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Matt Asay May 13
As good as ’s strategic open source partnership play is (), and it’s very good, is there an even better model whereby a cloud vendor kicks back to the open source vendor/community cash for running their code (including “unpaid” community versions?)
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Matt Asay May 13
Replying to @mjasay
Cloud vendors get paid on usage, so why not a single bill to the enterprise customer that is solely usage based? They then pay MDB/Elastic/etc. based on what’s running on their cloud? You could say, “Why would they? That cuts into their margin,” and you’d be right, unless...
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Matt Asay May 13
Replying to @mjasay
They’re looking to truly be *the* default place to run open source in the cloud. Enterprises start off by not caring where they run their open source but arguably those open source companies/communities would increasingly optimize for the cloud that pays
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Matt Asay May 13
Replying to @mjasay
I’m sure I’m missing something in here. For community-driven projects maybe it’s harder to manage/less needed, but for company-driven projects it seems like this would be a great new sales channel, while simultaneously giving a cloud a real competitive advantage
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msw May 13
Replying to @mjasay
For company produced products/services, it seems that the product they are selling is often proprietary and exclusive, with open source at the core (which is a fine business model). The pitfalls of open core persist in the cloud as in historic SW business models.
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Matt Asay May 13
Replying to @_msw_
Of course, there is the argument "why should I, the cloud company, pay for free open source?" And it's a totally valid stance. I just wonder if vendors would optimize those oss bits for a cloud that paid them back. Again, I'm likely missing something in this...
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msw May 13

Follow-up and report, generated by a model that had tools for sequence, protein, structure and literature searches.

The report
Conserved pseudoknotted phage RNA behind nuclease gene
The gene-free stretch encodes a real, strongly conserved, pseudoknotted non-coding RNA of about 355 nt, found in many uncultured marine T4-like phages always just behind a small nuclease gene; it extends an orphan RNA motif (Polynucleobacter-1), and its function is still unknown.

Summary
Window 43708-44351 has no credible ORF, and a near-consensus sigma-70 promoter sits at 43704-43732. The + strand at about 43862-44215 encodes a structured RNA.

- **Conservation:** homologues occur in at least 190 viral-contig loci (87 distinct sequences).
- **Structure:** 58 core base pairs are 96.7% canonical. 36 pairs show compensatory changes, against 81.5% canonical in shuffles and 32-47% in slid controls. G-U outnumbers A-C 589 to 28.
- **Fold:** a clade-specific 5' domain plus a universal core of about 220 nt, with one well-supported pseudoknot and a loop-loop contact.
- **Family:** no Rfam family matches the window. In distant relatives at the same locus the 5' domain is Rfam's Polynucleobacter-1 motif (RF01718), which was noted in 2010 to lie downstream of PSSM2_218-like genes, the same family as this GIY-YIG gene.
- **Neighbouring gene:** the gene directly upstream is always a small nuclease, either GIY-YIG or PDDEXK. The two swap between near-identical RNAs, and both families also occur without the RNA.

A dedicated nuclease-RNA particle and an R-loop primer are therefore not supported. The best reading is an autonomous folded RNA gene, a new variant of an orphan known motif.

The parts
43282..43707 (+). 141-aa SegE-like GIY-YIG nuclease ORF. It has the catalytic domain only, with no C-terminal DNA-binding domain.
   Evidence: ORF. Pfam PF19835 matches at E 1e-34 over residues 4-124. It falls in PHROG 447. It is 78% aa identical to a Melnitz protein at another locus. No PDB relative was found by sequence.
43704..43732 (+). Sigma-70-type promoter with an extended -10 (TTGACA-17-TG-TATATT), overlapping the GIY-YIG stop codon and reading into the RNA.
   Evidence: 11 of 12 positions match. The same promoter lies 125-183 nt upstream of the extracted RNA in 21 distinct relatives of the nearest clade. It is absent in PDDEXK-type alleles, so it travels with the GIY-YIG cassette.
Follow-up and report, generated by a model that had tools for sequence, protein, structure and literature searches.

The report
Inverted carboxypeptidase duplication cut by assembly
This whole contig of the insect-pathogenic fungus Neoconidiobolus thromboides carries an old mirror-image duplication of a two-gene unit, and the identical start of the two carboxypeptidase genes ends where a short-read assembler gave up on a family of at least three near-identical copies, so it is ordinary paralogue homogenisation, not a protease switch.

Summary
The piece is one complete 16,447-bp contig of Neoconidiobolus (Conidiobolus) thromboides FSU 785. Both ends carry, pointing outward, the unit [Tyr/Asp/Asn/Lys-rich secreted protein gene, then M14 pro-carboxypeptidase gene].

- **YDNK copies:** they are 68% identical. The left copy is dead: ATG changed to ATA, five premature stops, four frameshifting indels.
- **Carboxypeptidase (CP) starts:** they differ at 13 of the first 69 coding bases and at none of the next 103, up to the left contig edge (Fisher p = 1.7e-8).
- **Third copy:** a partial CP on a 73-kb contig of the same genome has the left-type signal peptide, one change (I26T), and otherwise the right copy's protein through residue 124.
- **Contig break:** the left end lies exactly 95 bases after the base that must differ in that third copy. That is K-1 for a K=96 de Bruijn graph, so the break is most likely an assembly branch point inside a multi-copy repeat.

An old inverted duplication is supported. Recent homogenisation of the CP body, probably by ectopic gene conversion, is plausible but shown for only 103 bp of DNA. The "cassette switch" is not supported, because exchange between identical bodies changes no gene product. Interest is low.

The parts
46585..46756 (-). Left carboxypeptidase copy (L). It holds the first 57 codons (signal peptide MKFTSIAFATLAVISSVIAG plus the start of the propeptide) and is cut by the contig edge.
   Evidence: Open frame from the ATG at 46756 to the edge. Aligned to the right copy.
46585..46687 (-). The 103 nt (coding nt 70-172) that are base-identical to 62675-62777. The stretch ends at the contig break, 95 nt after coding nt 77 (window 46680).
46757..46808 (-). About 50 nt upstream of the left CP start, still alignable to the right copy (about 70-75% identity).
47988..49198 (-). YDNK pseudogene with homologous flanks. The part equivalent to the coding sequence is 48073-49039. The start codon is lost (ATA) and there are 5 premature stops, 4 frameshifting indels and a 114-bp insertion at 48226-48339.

Replying to @mjasay
Having trouble following... Are you using a particular population sample in your thought experiment?
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Matt Asay May 13
Replying to @_msw_
so if someone (a cloud vendor) came in and helped me monetize a chunk of that, I’d be really happy. Not sure what it would mean to “optimize” for a particular cloud, but if I was making more money with AWS, for example, I’d try to find ways to steer traffic there
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msw May 13
Replying to @mjasay
But in your thought experiment population, open core means that customer value is in proprietary extensions, and the primary sponsor of the open core does not have incentives to making the core project easier to manage at scale, or take advantage of any particular cloud feature.
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Matt Asay May 13
Replying to @_msw_
Probably, but if the $ from the open core outpaced the $ from the proprietary peel? Not sure but just thinking it through
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msw May 13
Replying to @mjasay @adamhjk
I think that articulates the challenges of getting $ for the core open source in an open core model far better than me.
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Jon Bock May 14
Replying to @_msw_ @mjasay @adamhjk
The cloud providers generally support their ecosystems (including but not exclusively vendors commercializing open source) by giving away cloud usage credit to those vendors. That's relatively cheap for them and has a positive feedback loop. Giving out $ is much more expensive.
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Jon Bock May 14
Replying to @_msw_ @mjasay @adamhjk
Another challenge is the business models of most cloud providers are generally high volume with lower margin. Those margins are viable because there's less money invested in core technology development, most of the R&D investment goes to operations & automation.
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jay 🗽☁️🤘 May 14
this is across all three major clouds, if you aren't building you're dying
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Jon Bock
But in a large part of the general technology market, R&D investment in developing new product technologies has shifted from big companies to smaller ones. Big companies acquire or (for open source) offer those technologies, and their investment is more on scale, efficiency, etc.
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